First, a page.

Many of you probably remember when Ohio State quarterback JT Barrett was arrested for DUI. Thankfully that wasn’t the end of his story.
The same is true for your players.
At some point this season, one or more of your players will mess up. Even the “good kids” will probably make a poor decision at some point.
Here’s what I appreciate about JT’s story:
He owned his mistake. It would have been hard not to, seeing as it was all over national news. Talk about humiliation. Even so, he knew he messed up and he said so. This may seem obvious, but I’ve watched players make mistake after mistake and never take ownership—continually blaming other people. Admitting a blunder is always the first step to recovering from it. [Tweet That!]
He suffered consequences. Regardless of their role and responsibilities, players must experience consequences for behavior detrimental to the team. Choosing to not discipline star players or purposefully making their consequences lighter than for other team members chips away at your team culture.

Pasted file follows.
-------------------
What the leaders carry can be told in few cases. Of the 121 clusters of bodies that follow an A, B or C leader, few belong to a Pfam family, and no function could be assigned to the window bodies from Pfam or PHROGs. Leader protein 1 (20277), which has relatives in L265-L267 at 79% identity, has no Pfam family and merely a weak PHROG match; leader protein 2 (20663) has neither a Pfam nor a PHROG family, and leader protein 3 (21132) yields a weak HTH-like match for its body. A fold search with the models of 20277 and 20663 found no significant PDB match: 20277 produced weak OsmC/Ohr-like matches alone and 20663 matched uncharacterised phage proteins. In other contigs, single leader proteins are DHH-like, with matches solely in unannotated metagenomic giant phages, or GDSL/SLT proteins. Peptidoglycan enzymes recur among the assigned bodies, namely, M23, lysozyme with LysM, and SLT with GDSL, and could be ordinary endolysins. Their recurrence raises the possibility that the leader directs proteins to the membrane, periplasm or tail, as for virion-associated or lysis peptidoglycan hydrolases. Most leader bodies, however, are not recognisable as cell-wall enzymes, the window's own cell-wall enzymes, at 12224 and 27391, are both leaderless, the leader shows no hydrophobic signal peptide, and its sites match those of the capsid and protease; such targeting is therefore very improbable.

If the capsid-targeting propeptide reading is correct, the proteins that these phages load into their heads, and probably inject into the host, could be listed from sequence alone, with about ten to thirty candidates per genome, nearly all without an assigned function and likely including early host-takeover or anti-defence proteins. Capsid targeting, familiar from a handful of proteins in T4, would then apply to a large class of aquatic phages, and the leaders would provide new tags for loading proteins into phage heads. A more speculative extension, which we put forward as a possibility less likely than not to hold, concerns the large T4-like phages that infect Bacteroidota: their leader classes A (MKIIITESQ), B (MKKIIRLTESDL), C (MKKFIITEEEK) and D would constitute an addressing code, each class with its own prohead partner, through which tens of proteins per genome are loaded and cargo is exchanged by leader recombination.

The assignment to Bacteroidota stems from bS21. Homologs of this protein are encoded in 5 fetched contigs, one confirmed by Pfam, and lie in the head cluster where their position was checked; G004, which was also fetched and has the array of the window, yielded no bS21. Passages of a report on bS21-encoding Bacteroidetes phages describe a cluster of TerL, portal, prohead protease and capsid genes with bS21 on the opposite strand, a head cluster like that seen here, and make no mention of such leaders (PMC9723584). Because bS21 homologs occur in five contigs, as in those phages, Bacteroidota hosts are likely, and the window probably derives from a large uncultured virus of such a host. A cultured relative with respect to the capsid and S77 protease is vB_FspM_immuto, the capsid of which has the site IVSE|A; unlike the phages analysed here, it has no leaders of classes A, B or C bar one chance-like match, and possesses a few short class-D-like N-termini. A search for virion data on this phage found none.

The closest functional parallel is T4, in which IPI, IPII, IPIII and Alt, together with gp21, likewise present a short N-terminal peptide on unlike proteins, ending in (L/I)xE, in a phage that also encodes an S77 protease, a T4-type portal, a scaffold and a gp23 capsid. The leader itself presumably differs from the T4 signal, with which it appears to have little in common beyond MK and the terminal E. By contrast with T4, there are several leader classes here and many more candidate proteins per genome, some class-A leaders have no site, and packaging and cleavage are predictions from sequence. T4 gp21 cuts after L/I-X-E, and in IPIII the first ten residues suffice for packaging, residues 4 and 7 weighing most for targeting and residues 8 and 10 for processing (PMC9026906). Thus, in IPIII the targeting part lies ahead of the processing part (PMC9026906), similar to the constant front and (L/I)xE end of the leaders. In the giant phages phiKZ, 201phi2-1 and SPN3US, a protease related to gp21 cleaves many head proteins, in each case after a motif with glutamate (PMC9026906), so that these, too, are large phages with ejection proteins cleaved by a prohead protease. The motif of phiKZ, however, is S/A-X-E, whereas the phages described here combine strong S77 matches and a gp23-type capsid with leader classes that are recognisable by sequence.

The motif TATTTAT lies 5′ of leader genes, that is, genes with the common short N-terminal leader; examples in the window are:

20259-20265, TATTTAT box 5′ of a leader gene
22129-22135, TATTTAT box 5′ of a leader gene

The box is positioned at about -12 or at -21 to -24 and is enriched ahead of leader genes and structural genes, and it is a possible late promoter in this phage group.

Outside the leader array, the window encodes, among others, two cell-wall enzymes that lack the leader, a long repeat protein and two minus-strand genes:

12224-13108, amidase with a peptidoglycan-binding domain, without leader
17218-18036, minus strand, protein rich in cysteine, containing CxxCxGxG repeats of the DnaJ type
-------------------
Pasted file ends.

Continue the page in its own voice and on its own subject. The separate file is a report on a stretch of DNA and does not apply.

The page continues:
He used it as an opportunity to grow. JT could have let the public humiliation get the best of him, but he didn’t. It fueled his drive to get better. He stayed engaged and committed to his team. He wanted his teammates to learn from his mistake, in the hope of preventing them from making a similar one.
He got another chance. Growth is a messy process for all of us. Oftentimes it’s two steps forward and three back. JT got a chance to redeem himself. Discipline your players when you need to, but don’t give in to unhealthy conflict resolution strategies. The silent treatment doesn’t help anyone, nor does continually holding past mistakes over their head.
The fact that one of JT’s lowest points became a defining moment that allowed him to rise to new heights of leadership says a lot about his character.
Points #1 and #3 were his choices.
But points #2 and #4 happened because of a culture of accountability and grace.
Accountability that held him responsible for his choice and grace to give him another chance.
Create that kind of culture so that—like JT—your player’s last mistake won’t be the end of her story.